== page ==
ePortfolios: A Pocket Full of Ambition

The terms electronic portfolio, ePortfolio, and Web portfolio are increasingly being heard around universities teaching graphics and the companies that supply them with technology. The labels are being applied to Web-based personal portfolios, program accreditation portfolios, and student certification portfolios, among others. Naturally, with all these terms, some confusion has resulted about the definition of an electronic portfolio. Pocket portfolios are just what their name implies: portfolios recorded on digital media, that can be carried in a pocket.

Traditionally, graphic artists have submitted a text resume citing graphic projects they have completed in school or for previous employers. They then carry a large portfolio full of printed or original samples of their work to interviews. But with the advent of electronic publishing and digital imaging, another approach has become necessary. Many of the products of the "new media" simply can't be placed in a traditional portfolio. They require a computer for viewing. It has now become necessary to allow the interviewer to interact with the graphics projects.

Because the new media are digital, it makes sense to produce a portfolio that includes traditional hand-drawn images, a resume, and digital interactive multimedia. In addition to being digital, much of the new media are in video form, which emphasizes the fact that the new portfolio must have the ability to properly showcase this format. If the portfolio is produced in a manner that can be displayed on a computer screen, a true representation of the artist's work, both still and moving, can be distributed to perspective employers.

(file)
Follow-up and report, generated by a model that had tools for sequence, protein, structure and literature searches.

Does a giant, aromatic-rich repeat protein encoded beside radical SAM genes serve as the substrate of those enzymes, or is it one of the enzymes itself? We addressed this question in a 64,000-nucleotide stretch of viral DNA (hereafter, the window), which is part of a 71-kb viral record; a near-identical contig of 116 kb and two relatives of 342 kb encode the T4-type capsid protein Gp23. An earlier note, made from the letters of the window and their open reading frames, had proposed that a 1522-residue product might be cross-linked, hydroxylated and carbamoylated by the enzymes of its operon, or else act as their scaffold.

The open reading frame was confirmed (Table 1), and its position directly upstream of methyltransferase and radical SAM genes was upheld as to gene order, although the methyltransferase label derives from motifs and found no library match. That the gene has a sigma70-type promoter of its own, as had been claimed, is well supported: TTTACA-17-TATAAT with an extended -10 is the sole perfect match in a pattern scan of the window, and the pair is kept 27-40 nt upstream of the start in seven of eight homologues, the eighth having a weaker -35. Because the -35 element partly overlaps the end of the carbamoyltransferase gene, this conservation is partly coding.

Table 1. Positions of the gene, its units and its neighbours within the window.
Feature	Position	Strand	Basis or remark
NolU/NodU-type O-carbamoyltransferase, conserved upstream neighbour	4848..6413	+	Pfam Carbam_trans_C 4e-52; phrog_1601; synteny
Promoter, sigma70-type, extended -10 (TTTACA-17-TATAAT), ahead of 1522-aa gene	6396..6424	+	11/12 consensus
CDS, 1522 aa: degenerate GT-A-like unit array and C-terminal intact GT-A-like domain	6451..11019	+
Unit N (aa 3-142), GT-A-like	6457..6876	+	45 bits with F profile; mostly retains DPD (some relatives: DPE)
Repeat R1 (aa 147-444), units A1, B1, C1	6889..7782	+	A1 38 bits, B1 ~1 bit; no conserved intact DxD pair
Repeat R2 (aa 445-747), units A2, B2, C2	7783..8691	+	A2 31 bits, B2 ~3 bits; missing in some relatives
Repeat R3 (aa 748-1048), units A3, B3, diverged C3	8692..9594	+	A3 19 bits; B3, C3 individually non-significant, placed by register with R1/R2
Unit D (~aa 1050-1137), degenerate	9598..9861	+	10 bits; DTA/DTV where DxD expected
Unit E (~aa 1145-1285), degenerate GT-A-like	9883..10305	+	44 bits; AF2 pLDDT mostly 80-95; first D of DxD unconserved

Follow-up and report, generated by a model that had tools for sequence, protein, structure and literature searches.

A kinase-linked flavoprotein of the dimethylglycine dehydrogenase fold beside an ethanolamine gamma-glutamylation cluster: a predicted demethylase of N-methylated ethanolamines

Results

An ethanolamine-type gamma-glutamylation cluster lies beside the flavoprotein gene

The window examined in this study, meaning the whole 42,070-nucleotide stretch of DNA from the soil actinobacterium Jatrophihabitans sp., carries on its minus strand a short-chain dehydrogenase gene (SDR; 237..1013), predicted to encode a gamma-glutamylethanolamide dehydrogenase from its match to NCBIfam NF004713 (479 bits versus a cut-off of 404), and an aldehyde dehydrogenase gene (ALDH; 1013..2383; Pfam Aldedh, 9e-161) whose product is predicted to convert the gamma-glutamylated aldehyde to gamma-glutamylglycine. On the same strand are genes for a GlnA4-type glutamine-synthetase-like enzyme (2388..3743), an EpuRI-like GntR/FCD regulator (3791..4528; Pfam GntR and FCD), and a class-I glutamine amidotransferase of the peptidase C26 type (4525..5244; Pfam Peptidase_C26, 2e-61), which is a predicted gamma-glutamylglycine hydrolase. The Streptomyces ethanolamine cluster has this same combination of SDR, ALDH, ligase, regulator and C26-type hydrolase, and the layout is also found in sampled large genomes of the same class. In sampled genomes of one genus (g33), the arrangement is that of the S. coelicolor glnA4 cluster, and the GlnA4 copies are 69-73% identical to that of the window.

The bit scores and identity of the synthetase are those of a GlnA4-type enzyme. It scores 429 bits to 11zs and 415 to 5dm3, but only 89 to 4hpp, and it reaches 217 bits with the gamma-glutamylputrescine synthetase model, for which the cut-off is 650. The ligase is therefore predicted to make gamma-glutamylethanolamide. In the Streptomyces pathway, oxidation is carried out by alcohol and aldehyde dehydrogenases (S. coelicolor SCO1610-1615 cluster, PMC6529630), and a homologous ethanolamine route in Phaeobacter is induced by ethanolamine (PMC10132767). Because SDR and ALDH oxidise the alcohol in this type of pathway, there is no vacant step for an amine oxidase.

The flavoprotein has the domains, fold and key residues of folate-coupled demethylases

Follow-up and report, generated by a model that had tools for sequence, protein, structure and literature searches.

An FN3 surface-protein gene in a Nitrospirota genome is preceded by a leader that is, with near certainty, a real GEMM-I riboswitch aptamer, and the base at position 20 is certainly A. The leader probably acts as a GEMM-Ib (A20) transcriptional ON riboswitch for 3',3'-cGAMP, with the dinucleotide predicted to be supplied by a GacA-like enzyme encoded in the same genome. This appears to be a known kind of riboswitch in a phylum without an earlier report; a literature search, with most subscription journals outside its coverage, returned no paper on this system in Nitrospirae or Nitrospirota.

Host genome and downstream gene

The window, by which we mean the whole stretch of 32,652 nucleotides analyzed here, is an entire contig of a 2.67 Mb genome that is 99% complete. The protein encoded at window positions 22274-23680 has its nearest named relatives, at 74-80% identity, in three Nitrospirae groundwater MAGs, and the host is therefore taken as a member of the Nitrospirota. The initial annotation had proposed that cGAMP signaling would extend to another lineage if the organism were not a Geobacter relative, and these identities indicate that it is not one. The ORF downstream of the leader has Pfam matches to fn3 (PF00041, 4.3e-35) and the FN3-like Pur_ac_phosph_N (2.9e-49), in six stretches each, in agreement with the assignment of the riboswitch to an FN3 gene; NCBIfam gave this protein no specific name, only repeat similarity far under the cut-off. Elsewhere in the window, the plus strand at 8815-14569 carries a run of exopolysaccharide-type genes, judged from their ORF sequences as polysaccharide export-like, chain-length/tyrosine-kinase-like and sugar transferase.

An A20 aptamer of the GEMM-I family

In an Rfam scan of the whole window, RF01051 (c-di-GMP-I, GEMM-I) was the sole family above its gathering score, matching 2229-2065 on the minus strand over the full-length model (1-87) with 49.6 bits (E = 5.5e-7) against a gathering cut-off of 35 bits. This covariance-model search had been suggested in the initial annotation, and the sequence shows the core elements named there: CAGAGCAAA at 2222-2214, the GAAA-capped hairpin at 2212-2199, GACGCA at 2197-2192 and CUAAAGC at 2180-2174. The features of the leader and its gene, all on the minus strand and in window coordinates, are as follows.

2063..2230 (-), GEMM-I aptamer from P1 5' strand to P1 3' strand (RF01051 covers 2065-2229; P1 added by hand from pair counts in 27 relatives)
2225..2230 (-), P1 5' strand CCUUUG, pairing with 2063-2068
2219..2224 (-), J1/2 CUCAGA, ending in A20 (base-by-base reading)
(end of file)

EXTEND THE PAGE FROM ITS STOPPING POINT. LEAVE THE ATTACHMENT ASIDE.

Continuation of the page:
Everything discussed so far could be handled with a Web-based portfolio. However, Web sites are limited by the quality of images they can portray. Usually, Web sites are constructed to limit the screen size to 800 x 600 pixels—sophisticated graphics projects normally have a much higher resolution than this—therefore, prospective employees still need to carry prints of projects to interviews.

Web portfolios also pose problems with long-term storage. The Web site must be stored on a server that will maintain the site for extended time. Universities, at this point, loathe the thought of providing this service for graduates. The storage capacity for large numbers of graduates in graphics is staggering. This raises a slew of management questions for administrators: How long should graduate Web sites be maintained? Would graduates have access after a preset time if they pay a hosting fee? What about security of the data? Would students have access to update their sites? Because the university is hosting the site, is it responsible for certifying the quality of the student's work, even after they graduate?

Pocket Portfolio Process
Most of these problems were eliminated with a process adopted by the Technical Graphics faculty at Southeast Missouri State University. The pocket portfolio was chosen in 2000 as the format of choice for graduates of the Technical Graphics program. The process of building this portfolio begins during the students' very first graphics class at the university. Students are assigned projects that can eventually be included in their pocket portfolio. These projects are created with Photoshop, Illustrator, InDesign, Chief Architect, and AutoCAD, and range from notepads and tri-fold brochures to CD covers. Many of the projects are produced through a traditional print media such as the offset press or digital duplicator. Others, like a house plan, are created with digital media, in this case, Chief Architect, with prints of the projects submitted for evaluation.